Phillip Frye (1850-1930) and Melinda Jane Davis (1854-1931)
Phillip was the brother of John, husband of Melinda Jane, and father of Sam, Will, Clara, Cora and Laura. He worked in the Joplin Lead mines and farmed while in Missouri. He followed his sons to Goodsprings bringing his wife and daughters with him. When they arrived in 1916, the women went to work in the laundry and Phillip joined his sons in mining. In 1925, Phillip and Melinda moved to Las Vegas where they lived until their deaths. They are buried in Woodlawn Cemetery, Las Vegas.
William was the 3rd McClanahan in Goodsprings arriving in 1914. He and Sam opened the Goodsprings Laundry in 1915. He worked in many mines in Goodsprings. See Bio: William/Frances McClanahan.
Clara was the oldest of the McClanahan daughters. She arrived in Goodsprings in 1916 and married Fred Reim in 1917. Mr. Reim ran a trucking business in Goodsprings. He was partners in the Chiquita, Golden Chariot and Barefoot with his brothers-in-law. Clara and Fred lived in Sandy Valley in the 30s when he worked in the Shenandoah Mill. In 1940, he took a job at BMI in Henderson and moved with Clara to Las Vegas. Clara and Fred moved to Gridley in 1944 and he died soon after. Clara married Clarence Watkins (another Goodsprings miner) in 1950 and moved back to Goodsprings. Clara and Clarence are buried in Goodsprings.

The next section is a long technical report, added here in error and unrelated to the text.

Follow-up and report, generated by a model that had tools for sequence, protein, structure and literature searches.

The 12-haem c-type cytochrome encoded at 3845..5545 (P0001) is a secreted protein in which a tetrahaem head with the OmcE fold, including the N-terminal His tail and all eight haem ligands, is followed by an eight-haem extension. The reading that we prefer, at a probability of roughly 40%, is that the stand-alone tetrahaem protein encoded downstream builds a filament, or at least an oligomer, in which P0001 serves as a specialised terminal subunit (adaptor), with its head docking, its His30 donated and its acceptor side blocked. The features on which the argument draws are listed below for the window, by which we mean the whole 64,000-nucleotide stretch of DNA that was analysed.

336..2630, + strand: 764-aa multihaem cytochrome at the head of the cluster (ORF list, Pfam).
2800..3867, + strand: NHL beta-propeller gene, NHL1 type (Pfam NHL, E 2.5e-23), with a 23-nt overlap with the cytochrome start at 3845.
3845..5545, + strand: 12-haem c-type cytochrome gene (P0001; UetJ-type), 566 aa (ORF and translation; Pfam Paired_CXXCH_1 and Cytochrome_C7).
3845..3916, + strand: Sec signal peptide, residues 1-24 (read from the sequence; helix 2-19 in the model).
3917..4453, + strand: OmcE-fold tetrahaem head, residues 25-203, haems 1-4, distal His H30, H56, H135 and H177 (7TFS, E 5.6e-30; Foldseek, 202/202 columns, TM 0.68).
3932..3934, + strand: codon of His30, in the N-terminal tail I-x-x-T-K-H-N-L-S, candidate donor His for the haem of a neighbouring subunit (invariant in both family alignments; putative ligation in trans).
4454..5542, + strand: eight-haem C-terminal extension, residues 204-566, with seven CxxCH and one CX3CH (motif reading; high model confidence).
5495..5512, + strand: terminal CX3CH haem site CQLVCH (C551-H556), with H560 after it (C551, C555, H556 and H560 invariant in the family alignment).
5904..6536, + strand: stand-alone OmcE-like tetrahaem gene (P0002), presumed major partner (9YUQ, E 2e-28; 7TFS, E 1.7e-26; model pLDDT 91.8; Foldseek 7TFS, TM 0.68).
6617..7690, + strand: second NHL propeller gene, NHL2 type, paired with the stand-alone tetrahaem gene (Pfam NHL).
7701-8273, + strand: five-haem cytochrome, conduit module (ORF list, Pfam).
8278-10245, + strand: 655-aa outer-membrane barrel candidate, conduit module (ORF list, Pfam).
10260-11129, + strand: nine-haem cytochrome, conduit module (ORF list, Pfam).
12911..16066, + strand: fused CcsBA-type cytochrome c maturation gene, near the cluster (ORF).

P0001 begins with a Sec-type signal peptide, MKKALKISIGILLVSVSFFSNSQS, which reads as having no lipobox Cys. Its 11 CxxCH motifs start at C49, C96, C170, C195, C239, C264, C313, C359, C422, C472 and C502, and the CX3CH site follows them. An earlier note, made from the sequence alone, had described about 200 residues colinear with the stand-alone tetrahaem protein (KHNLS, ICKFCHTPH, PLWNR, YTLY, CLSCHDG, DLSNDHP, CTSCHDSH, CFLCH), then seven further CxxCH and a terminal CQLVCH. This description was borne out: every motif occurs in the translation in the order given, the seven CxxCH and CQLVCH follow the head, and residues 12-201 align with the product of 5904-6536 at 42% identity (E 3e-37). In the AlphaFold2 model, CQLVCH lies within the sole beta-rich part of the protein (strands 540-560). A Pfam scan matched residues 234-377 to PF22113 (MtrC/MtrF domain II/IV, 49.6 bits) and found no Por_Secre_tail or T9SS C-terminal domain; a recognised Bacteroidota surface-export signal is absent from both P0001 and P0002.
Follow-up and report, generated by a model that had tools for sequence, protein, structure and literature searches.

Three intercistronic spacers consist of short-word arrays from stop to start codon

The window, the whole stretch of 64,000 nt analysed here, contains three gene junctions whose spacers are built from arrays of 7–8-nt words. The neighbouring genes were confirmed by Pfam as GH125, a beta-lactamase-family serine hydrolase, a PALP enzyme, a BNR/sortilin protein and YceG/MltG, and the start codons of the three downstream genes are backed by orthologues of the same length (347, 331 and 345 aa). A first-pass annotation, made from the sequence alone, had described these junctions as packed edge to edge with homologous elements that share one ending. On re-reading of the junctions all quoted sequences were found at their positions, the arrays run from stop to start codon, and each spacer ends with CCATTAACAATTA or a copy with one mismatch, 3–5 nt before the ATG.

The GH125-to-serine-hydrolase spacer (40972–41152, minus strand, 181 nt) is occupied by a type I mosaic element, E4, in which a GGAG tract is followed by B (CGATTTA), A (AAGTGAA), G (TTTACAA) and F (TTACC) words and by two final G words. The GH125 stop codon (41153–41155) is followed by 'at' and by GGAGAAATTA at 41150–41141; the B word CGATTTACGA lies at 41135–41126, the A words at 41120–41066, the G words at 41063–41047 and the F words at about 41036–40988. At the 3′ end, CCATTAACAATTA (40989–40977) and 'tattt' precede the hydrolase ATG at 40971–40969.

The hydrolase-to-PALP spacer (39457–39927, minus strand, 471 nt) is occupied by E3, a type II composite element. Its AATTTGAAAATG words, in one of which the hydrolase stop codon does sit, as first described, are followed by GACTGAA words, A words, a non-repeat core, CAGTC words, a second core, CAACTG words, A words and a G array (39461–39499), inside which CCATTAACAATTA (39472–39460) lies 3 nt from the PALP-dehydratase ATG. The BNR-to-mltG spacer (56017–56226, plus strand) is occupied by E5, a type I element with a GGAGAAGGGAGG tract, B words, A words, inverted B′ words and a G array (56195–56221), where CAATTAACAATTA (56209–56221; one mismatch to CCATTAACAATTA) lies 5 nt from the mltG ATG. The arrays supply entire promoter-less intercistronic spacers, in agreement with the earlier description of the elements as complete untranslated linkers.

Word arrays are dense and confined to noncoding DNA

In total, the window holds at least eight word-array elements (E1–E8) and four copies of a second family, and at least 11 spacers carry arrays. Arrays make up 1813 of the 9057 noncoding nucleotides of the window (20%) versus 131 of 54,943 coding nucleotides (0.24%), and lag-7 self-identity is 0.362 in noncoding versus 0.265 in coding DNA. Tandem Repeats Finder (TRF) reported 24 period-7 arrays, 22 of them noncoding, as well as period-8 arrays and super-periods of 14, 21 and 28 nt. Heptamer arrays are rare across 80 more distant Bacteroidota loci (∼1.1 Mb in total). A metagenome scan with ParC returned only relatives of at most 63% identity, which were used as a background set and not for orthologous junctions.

Laura was the twin sister of Cora. She came to Goodsprings in 1916 and worked in the laundry. She got a job in the Goodsprings Hotel and in 1921 transferred to the Hesperia(CA) Hotel. She married Roy Walters, owner of the Hesperia Mercantile, in 1922. She had one daughter Geraldine(1925-2006) and lived in Hesperia until her death. She is buried in Victorville, CA.
Cora McClanahan was born Nov. 12, 1894 in Douglas Co. Missouri. She and her twin Laura were the last children born to Phillip and Melinda Jane McClanahan. In 1916, the family moved to Goodsprings, NV. After getting off the train at Jean, the family traveled to Goodsprings in a buckboard pulled by donkeys. Cora went to work in the family laundry in Goodsprings. Mrs. George Fayle introduced her to Otto Schwartz at a local dance.